Date of Award

3-18-2015

Document Type

Dissertation

Degree Name

Doctor of Philosophy (Ph.D.)

School Name

Annsley Frazier Thornton School of Education

Department

Education

Major Advisor

Dr. Kathleen S. Cooter

Second Advisor

Dr. Grant Smith

Third Advisor

Dr. Jayne Kraemer

Abstract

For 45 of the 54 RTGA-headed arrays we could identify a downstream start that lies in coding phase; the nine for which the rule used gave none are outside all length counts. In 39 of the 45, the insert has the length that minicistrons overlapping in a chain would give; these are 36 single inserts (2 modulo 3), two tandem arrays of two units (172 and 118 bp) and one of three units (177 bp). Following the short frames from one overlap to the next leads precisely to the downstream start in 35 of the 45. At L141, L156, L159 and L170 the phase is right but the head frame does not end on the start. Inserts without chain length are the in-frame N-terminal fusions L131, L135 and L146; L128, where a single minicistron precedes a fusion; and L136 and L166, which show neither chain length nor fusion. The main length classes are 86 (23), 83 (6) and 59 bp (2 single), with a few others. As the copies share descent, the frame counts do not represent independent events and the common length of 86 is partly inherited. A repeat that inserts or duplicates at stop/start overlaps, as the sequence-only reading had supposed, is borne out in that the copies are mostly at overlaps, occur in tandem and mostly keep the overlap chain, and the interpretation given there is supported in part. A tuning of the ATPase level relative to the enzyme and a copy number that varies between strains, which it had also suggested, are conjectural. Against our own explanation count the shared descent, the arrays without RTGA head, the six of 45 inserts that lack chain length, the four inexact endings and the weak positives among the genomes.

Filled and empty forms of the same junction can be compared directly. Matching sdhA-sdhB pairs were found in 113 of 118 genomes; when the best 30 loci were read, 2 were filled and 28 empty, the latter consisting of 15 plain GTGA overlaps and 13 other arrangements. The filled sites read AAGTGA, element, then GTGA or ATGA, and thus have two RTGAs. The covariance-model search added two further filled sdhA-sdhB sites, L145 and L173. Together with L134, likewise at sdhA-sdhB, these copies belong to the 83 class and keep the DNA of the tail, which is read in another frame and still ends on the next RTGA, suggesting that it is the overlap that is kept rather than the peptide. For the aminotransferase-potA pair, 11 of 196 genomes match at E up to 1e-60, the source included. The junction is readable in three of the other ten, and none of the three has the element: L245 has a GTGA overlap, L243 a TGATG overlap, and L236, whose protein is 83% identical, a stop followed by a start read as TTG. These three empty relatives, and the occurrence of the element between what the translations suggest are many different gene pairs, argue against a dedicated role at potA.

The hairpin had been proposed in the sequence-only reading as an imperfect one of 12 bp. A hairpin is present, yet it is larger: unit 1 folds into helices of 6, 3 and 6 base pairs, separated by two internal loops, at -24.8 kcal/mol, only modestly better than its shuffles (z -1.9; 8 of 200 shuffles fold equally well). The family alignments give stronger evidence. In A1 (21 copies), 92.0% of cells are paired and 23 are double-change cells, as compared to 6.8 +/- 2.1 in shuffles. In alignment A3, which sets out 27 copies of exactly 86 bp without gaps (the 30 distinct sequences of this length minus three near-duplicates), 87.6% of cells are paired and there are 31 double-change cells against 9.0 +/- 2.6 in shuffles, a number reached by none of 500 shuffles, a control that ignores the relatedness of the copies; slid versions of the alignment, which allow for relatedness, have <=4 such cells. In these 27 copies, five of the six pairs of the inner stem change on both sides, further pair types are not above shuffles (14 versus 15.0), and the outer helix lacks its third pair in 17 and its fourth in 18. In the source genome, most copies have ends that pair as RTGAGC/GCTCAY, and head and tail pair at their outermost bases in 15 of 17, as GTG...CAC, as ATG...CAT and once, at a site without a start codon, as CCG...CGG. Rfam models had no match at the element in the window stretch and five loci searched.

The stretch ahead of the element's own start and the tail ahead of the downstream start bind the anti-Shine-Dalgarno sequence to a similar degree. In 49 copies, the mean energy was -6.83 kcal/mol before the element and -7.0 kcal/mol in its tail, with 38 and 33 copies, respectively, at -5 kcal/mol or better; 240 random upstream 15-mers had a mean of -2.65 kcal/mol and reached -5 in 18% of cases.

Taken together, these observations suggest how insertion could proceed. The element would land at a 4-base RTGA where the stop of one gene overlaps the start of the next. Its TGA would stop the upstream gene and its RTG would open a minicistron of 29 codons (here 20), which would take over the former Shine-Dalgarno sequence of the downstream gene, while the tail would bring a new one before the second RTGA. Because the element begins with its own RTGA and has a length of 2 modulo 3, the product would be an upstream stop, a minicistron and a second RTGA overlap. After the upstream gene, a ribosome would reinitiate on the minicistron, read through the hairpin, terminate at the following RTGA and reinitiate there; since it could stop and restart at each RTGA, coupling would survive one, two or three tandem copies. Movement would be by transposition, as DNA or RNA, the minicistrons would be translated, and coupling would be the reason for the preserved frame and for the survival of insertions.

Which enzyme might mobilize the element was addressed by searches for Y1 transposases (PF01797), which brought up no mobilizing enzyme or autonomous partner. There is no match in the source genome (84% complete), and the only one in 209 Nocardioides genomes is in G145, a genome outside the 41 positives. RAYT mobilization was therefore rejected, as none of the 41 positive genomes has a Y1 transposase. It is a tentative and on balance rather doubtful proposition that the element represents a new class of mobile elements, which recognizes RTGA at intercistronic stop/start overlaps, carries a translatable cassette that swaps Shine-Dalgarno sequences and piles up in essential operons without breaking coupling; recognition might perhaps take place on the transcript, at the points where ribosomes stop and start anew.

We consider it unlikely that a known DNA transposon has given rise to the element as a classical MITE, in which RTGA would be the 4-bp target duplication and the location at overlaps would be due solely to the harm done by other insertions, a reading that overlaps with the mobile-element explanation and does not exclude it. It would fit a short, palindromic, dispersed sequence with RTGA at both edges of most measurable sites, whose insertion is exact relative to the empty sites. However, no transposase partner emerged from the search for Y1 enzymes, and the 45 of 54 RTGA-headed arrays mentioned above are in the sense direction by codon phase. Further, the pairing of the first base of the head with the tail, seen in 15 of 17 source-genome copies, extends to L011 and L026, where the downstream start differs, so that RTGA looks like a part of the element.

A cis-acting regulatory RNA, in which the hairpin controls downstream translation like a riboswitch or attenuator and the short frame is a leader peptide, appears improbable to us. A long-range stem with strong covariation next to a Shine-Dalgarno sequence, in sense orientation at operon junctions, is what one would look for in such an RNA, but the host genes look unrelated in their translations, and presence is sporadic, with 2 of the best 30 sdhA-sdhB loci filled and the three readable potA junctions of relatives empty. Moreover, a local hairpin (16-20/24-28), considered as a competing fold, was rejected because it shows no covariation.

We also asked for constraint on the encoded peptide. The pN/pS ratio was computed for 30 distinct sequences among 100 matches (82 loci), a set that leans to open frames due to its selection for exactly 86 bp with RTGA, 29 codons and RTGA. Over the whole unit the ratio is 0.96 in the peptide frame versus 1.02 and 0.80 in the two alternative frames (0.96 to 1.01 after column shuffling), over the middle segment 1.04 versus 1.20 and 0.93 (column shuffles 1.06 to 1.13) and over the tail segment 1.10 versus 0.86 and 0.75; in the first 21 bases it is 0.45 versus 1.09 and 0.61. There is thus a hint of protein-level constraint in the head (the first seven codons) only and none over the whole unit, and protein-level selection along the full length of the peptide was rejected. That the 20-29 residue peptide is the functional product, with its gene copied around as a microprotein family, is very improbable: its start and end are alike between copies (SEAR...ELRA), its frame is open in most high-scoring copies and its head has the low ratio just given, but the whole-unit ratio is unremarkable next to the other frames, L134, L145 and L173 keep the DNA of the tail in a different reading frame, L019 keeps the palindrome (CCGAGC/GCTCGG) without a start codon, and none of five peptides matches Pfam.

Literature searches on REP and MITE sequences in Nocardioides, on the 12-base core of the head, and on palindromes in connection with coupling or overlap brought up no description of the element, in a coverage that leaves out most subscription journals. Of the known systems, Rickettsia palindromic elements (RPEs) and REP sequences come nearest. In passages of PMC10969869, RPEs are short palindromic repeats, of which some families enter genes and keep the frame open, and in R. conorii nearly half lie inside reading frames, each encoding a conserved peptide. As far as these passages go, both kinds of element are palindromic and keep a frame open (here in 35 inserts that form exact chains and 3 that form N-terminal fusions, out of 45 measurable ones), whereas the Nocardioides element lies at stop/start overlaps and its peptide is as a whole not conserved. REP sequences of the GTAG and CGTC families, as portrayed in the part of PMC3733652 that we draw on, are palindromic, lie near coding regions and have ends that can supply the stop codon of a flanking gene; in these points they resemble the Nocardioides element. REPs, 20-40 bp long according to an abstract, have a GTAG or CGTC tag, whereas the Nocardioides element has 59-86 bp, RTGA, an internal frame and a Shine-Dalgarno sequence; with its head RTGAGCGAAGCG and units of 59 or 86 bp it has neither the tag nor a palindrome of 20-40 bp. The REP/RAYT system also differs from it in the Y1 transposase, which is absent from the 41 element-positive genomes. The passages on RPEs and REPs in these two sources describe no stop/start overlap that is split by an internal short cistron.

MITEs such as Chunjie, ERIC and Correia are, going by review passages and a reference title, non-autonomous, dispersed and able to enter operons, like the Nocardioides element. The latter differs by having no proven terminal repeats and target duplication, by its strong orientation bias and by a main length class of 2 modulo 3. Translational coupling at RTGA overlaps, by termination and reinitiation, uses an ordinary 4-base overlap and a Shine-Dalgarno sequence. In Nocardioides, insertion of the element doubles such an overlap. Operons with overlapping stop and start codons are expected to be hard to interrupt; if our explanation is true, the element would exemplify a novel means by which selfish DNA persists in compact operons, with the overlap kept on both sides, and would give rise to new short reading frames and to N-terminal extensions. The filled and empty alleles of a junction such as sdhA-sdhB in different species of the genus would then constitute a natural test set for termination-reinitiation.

The ELL population in the United States continues to increase. Research suggests that the English language proficiency growth rates for numerous ELL students are strongly correlated with their English language proficiency levels (Cook & Zhao, 2011; Conger, 2008). The results of Conger’s 2008 study suggested that just over fifty percent of students gained English language proficiency after three years. According to the same study, the students that did not typically gain English language proficiency were students who entered public schools older and with a lower English language proficiency level. The current study examines the likelihood of high school ELLs in a large, urban district in achieving English language proficiency as measured on the ACCESS for ELLs®. Survival analysis is a robust analytic technique that complements the highly mobile tendencies of ELL students, the ever-expanding ELL population, and the varying English language proficiency timelines. A second survival analysis was performed with language as an additional factor. The analysis suggested the probability of achieving English language proficiency was approximately 20 percent. The analysis indicated there were significant differences between native language groups, demonstrating different languages responded differently to timelines to English language proficiency. If the federal accountability frameworks fail to carefully examine English language proficiency levels, both state and federal educational frameworks risk misjudging expected English language proficiency timelines.